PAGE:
The Australian Road Research Board (ARRB) recently contributed to an ABC radio broadcast to discuss the Board’s involvement with a driver distraction study.
ARRB Principal Technology Leader – Transport Safety, Dr Anna Chevalier, appeared on Steve Martin’s breakfast show on ABC Local Radio Ballarat to talk about a consultation regulation impact statement that seeks feedback on technology-neutral options to regular driver distraction.
To support the National Transport Commission’s efforts in stimulating discussions about driver distraction research, policy and legislative reform options, Dr Chevalier, Rachel Goodsell and Mitch Cunningham reviewed internationally published, peer-reviewed research available to date on the risks associated with driver distraction.
The study, Driver Distraction: A Review of Scientific Literature, was authored by Goodsell, Cunningham and Dr Chevalier and prepared for the National Transport Commission.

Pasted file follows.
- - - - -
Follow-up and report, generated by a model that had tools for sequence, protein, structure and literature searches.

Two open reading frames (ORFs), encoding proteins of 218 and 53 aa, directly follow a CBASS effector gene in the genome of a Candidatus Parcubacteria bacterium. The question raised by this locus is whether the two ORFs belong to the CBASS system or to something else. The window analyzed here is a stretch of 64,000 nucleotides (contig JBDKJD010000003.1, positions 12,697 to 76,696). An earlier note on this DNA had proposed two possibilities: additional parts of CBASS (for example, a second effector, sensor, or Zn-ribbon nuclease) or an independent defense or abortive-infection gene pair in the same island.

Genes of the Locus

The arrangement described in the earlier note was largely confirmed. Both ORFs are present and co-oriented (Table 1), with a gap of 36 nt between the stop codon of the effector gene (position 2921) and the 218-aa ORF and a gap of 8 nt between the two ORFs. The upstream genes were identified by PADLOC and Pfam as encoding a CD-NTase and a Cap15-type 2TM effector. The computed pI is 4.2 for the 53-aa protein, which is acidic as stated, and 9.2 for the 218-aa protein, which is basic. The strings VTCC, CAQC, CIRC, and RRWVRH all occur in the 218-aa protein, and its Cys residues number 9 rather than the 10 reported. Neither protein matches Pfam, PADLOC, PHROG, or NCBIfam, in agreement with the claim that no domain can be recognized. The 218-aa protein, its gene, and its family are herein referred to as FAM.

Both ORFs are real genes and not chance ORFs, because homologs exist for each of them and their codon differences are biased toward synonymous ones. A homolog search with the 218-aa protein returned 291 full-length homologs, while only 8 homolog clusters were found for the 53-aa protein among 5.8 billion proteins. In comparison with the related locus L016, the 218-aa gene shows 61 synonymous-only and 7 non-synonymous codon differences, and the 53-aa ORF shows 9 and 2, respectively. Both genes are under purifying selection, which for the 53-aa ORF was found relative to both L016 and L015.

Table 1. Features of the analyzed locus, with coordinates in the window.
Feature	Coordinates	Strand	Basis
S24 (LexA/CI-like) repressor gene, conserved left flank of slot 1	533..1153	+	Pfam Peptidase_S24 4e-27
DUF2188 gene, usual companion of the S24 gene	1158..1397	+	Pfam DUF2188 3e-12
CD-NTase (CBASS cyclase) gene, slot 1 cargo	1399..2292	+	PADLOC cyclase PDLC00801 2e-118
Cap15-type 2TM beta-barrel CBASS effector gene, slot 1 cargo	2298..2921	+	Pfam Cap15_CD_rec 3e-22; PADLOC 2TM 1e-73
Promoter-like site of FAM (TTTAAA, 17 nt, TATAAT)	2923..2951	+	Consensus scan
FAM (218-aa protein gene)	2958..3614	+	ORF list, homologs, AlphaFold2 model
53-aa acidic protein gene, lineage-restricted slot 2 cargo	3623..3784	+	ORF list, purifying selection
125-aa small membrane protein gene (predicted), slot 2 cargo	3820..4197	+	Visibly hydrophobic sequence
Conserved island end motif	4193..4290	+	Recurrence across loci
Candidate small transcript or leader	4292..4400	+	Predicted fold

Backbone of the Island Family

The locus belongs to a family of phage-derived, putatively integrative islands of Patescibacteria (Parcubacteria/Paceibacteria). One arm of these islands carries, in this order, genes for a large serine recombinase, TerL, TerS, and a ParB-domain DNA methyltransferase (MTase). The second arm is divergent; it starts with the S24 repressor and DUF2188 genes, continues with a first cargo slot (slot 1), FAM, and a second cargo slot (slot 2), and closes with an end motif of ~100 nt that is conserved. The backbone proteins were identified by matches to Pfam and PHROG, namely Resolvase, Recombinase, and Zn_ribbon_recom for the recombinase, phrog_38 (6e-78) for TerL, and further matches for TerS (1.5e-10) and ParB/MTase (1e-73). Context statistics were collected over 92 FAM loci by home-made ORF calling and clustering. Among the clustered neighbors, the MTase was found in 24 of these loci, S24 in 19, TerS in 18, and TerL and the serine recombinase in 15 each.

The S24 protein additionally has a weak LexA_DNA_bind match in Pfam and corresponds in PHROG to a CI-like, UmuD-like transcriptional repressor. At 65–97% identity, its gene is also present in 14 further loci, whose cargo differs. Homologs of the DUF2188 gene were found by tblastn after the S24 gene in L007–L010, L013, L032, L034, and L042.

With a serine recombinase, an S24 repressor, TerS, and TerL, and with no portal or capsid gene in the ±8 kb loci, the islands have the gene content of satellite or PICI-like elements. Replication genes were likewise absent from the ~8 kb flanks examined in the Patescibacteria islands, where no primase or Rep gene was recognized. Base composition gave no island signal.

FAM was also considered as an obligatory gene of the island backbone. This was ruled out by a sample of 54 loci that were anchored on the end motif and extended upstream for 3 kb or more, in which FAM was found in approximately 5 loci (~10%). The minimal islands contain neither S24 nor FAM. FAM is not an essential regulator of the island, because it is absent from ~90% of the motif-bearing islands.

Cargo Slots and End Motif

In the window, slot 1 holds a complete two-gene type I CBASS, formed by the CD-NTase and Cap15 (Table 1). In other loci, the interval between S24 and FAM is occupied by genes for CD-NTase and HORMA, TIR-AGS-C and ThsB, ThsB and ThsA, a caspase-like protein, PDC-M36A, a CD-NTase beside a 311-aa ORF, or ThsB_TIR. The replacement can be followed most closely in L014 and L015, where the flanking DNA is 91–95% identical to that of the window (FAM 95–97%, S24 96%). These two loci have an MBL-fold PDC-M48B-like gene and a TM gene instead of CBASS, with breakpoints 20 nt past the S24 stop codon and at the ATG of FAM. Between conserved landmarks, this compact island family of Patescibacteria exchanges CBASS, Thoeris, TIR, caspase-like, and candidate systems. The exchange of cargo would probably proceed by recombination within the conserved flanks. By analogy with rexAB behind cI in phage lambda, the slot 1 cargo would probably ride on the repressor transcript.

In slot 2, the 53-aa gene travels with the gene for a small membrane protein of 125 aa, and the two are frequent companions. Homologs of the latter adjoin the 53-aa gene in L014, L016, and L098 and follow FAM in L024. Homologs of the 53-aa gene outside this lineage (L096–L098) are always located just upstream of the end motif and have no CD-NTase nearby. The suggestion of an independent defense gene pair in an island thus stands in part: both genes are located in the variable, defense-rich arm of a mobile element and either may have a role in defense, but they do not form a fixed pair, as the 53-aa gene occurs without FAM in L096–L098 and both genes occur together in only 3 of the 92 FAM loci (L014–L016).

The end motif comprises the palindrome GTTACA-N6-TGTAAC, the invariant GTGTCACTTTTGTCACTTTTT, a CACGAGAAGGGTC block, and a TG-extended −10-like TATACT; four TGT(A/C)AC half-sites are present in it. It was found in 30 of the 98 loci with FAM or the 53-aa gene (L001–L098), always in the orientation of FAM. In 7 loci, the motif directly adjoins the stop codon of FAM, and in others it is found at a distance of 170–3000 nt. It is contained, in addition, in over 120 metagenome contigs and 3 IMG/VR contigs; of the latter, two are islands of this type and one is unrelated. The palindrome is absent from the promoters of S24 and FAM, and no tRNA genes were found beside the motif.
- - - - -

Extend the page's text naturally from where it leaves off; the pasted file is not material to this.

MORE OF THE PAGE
This document covers driver distraction, driving performance, crash risk and road trauma, physiological indicators of driver distraction and cognitive load and guidelines to minimise driver distraction due to in-vehicle technology.
The study found that visual-manual interactions (mobile phone texting and manual input of a destination into a navigation system) have a greater potential to interfere with activities critical for safe driving than voice interactions. However, research also found that voice interactions have the potential to degrade driving performance compared to driving while not engaged in a secondary activity.
On the subject of whether physiological symptoms of driver distraction can be accurately identified and measured, the study concluded that eye-glance metrics are considered the most sensitive and robust indicators, particularly offroad glance frequency and duration.
The complete report is available here.
There has been much said and written about the latest Hino 500 ‘Standard cab’ model. The often hectic launch events and initial test drives involve experiencing half a dozen or more trucks in one day, so Prime Mover aims for a more comprehensive assessment over two weeks in three different models.